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17 Comments

  1. 1

    Ivan

    It seems that the CDF is not fit for purpose, if what you say is true; can i suggest that you contact each of the Medical Advisory Board at https://celiac.org/about-cdf/medical-advisory-board/ and ask them for their thoughts on this very item, and post ’em here?

    Reply
  2. 2

    John

    Here in Canada I see the CCA’s blue seal of approval logo from their Gluten Free Certification Program on all kinds of products. Naturally one might wonder about the integrity of such a program but this shows the CCA has some standards.

    Reply
  3. 4

    Lisa

    I wonder if the US will follow suit. I loved Cheerios prior to my 1999 Celiac Disease diagnosis, but after following all you’ve shared since GM was first thinking of making them “safe,” have never touched them. I get way too sick and it isn’t worth the risk. I won’t get into whether or not this is a healthy cereal (everybody has to choose what’s right for himself or herself) – but it would be nice if our community didn’t have to worry about whether something labeled as being gluten free is actually gluten free or not. Those words on a product should mean something. Thanks for sharing this and all the tireless advocacy you do on my behalf, I’m incredibly grateful.

    Reply
  4. 5

    Susan

    When I posted the article about the scopes they use in colonoscopy and endoscopy being difficult to clean, the CDF put my account on warning and probation. I don’t believe anything they say. There is clearly something going on behind the scenes and they have lost the point of protecting consumers.

    Reply
  5. 6

    Anne

    Strange they sponsor the celiac disease foundation, I don’t go near any of those brands with a ten foot pole. I must also confess, I haven’t spent much time on the CDF website or found it particularly useful, helpful, or informative.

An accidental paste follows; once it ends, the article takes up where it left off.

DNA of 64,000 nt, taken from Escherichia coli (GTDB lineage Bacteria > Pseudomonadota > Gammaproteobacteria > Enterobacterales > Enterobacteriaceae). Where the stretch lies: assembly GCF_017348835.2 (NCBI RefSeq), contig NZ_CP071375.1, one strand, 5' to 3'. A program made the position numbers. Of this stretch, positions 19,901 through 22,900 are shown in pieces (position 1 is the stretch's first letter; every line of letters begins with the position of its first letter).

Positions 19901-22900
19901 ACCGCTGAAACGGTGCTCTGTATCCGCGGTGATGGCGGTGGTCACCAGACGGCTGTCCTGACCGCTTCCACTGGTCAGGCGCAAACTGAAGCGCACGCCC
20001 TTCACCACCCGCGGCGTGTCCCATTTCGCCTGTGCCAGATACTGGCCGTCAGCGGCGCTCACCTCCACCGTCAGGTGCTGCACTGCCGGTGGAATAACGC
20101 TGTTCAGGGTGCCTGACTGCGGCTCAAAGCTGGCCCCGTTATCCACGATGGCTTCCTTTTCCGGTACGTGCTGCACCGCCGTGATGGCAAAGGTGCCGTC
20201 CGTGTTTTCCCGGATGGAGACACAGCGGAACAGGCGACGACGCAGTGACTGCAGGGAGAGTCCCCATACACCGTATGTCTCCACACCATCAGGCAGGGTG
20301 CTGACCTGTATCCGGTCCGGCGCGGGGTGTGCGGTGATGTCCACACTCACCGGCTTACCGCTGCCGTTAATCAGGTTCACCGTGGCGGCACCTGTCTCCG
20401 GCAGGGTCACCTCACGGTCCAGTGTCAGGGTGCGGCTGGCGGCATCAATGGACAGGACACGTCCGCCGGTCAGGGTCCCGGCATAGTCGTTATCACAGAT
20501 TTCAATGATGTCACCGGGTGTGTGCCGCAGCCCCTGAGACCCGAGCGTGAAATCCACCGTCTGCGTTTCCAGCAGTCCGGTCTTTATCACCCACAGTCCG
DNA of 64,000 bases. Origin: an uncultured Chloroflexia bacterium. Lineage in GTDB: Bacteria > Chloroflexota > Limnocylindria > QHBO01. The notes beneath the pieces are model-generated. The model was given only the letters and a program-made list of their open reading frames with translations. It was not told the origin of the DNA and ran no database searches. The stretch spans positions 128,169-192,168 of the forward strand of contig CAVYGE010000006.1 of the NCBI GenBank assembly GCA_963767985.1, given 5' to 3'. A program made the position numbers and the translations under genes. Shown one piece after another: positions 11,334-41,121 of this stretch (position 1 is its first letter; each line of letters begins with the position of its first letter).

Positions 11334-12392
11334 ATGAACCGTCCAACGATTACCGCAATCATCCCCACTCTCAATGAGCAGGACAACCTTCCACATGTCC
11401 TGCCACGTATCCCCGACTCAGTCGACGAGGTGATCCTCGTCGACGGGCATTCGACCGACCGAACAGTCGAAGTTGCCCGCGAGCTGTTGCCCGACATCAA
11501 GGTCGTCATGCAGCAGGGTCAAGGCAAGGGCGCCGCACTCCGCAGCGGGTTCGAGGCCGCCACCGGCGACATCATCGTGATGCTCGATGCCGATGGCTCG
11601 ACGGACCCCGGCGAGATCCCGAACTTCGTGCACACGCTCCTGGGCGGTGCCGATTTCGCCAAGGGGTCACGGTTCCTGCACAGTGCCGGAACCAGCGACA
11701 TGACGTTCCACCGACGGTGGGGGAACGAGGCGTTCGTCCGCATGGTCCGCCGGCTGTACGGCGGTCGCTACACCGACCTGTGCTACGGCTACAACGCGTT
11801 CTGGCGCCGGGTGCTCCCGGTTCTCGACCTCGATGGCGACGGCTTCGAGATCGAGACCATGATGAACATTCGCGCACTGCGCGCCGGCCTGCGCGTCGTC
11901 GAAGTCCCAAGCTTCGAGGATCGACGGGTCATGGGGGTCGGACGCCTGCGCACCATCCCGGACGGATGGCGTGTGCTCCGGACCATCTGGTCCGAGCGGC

Reply
  6. 7

    Greg

    Yeah I’ve seen the ads lately and just shook my head. Money rules everything in corporate America. I scratch your back you scratch mine. They don’t care if they make people sick. I got sick last week I’m guessing from buildup of trace gluten in the probiotic or other supplement I’ve been taking. I’m now taking nothing but my regular multivitamin. If they won’t regulate themselves then no more money from me.

    Reply
  7. 8

    GF and more

    Glad to see some measure of common sense from an agency. The Cheerios testing methods and processing is a travesty. It would be interesting to know what kinds of discussions went on behind the scenes to convince the CCA to come out with that stance, what kinds of arguments were convincing to them, etc.

    I am (sad to say) very doubtful that the US will follow, given all the promotion and financial incentivizing going on of the unsafe food – and the fact that the standards here are so squishy. I don’t trust anything from the US CDF. They have their own interest, and their interest is not protecting *my* interest. I’m the only one who does that. So that’s what I’ll have to do to protect my own health. And that means a constant vigilance and investigation.

    Reply
    1. 8.1

      Sue Newell

      GF and more, if you read the CCA’s statement you will see that it was a failure to convince us of the safety of General Mills procedures that lead to our recommendation. It was never an issue of convincing us the Cheerios were unsafe. Given that gluten free oats may well be the highest risk ingredient used in gluten free products, we need to be convinced that they are safe.